September 20, 2022

News West

West Coast News Network

Newsom’s California stimulus checks: Who gets $600, $1100?

Gov. Gavin Newsom proposed a second round of $600 state stimulus checks on Monday to hasten California’s recovery from the COVID-19 pandemic, hoping to expand the payments from low-income residents to also include middle-class families, saying that doing so would benefit two out of three state residents.

The proposal to deliver $8 billion in new cash payments to millions of Californians is part of a $100-billion economic stimulus plan made possible in part by a budget that has swelled with a significant windfall of tax revenues, a surplus the governor put at $75.7 billion. Newsom also proposed $5 billion to double rental assistance to get 100% of back rent paid for those who have fallen behind, along with as much as $2 billion in direct payments to pay down utility bills that are overdue.

“Direct stimulus checks going into people’s pockets and direct relief — that’s meaningful,” Newsom said during a visit to the Unity Council, a nonprofit social equity development corporation in the Fruitvale neighborhood of Oakland.

Under the governor’s proposal, which still requires approval from the Legislature, households earning up to $75,000 in adjusted gross income will be able to receive the second round of stimulus payments. The expanded program would provide financial assistance to two-thirds of Californians.

In addition to the $600 stimulus checks for eligible Californians, the governor proposed that families with children would get an additional $500.

The payments are part of what Newsom is calling a California Comeback Plan, pitched by a governor who is fighting a Republican-led campaign to recall him from office. The state recently announced that the proponents of the recall turned in sufficient signatures to put a vote on the statewide ballot this fall.

Millions of Californians lost jobs or income since the pandemic began more than a year ago and the state ordered businesses to restrict operations and people to stay home. As vaccines and social-distancing have significantly reduced the spread of the virus, the state is poised to reopen much of its economy by June 15.

Still, many Californians are still struggling to pay rent and cover other expenses.

Oakland Mayor Libby Schaaf welcomed the new round of financial help, which she said is “an unprecedented moment where government is coming to the aid of those who need it the most.”

“Oakland is a city that has been hit hard by this pandemic,” she said. “Direct aid to people is what is going to get our economy roaring back.”

Shaaf said it is important that the state financial help is also being provided to those in the country illegally who were not eligible for federal stimulus checks.

Newsom’s proposal is supported by Chris Iglesias, the chief executive of the Unity Council.

“We are not going to leave anybody behind during this pandemic,” he said at the news conference. “We need that recovery.”

This would be the second round of state stimulus checks proposed by the governor. In February, the governor signed legislation to provide 5.7 million low-income Californians with $2.3 billion in state stimulus checks. The money was provided for residents including those earning $30,000 a year or less who receive the state Earned Income Tax Credit. It also went to people who file tax returns with an individual taxpayer identification number but who don’t have a Social Security number, the bulk of whom are immigrants in the country illegally.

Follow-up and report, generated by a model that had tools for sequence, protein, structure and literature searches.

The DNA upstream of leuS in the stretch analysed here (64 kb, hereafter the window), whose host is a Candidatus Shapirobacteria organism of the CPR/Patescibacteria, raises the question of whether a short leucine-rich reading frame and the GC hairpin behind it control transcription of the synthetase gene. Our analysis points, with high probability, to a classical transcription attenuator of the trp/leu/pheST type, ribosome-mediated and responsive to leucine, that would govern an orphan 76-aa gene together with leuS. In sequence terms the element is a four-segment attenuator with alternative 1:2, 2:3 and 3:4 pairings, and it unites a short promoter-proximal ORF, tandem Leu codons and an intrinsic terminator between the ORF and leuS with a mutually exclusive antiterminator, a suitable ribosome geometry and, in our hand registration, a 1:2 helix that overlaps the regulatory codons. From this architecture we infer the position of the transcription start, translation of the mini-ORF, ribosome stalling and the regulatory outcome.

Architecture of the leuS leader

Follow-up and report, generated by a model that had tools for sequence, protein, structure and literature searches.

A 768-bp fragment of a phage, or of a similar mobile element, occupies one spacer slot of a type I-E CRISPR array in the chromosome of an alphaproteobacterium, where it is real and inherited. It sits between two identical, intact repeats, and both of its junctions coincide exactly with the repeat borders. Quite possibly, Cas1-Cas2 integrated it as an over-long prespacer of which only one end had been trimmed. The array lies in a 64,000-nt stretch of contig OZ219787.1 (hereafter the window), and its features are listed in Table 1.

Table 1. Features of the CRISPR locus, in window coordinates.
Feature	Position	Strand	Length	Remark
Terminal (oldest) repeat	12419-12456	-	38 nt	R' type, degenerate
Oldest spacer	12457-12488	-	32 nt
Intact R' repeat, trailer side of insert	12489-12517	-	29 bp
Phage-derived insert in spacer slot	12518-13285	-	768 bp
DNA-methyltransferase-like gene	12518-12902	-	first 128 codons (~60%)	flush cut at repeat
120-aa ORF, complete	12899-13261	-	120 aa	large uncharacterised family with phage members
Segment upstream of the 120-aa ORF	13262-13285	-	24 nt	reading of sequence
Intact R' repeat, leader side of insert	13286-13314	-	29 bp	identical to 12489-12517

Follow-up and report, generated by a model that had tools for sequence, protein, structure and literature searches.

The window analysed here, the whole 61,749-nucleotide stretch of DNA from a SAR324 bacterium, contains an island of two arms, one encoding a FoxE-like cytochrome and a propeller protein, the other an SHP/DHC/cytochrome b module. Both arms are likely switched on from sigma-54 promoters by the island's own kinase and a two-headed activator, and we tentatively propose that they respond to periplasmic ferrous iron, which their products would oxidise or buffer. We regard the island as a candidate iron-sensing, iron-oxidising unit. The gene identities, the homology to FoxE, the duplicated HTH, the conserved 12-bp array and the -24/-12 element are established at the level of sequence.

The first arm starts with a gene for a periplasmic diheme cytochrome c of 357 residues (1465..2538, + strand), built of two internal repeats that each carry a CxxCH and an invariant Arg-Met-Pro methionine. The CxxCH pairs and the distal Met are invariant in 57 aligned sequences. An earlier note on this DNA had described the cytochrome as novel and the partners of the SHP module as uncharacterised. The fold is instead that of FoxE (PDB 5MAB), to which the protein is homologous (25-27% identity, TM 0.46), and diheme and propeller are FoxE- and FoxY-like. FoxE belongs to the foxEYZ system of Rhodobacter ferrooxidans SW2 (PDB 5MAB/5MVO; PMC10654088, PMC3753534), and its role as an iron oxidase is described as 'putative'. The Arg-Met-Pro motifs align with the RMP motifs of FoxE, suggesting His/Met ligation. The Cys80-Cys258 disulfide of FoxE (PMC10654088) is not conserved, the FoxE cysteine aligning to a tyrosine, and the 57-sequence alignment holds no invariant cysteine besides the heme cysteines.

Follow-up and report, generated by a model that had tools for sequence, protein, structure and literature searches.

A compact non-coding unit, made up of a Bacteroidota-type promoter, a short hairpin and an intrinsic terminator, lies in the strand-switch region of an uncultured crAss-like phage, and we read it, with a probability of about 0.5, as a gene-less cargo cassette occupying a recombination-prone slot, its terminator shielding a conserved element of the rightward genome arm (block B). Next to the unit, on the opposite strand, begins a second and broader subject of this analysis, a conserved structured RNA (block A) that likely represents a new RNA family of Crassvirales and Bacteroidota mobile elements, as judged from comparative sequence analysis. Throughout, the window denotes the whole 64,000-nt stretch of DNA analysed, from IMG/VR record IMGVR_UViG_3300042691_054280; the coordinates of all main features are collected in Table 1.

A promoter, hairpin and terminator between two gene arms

Families that file with an identification number and receive CalEITC have been eligible for up to $1,200 in the first round. The state said this month that so far 2.5 million Golden State Stimulus payments worth $1.6 billion have been issued.

“We passed the recovery package to get money into the pockets of Californians who were hit hardest by this pandemic, and that’s exactly what the Golden State Stimulus is doing,” Newsom said on May 6, noting that some Californians have not yet filed their 2020 taxes and may still qualify.

State officials said the cash payments were triggered in part by a 1979 voter-approved state constitutional amendment that requires tax rebates when revenues exceed a cap on government spending. That appropriations limit, loosened by subsequent ballot measures, has been significantly higher than state spending levels for the better part of the past four decades — allowing lawmakers to exclude billions of dollars in spending from the final calculation.

This year, awash in cash from a tax windfall and facing a historic slowdown in population growth used to determine the maximum spending allowed, the Newsom administration projects $16 billion in excess revenue. By law, half of that must go to public schools and the other half to taxpayer rebates — in this case, targeted toward middle-class adults and families.

The budget windfall was created by factors including $26 billion in federal aid and a roaring stock market.

“That budget surplus is going back to the most vulnerable Californians, the ones who need help the most,” said Assemblyman Phil Ting (D-San Francisco), chairman of the Assembly Budget Committee, who joined the governor at the news conference in Oakland.

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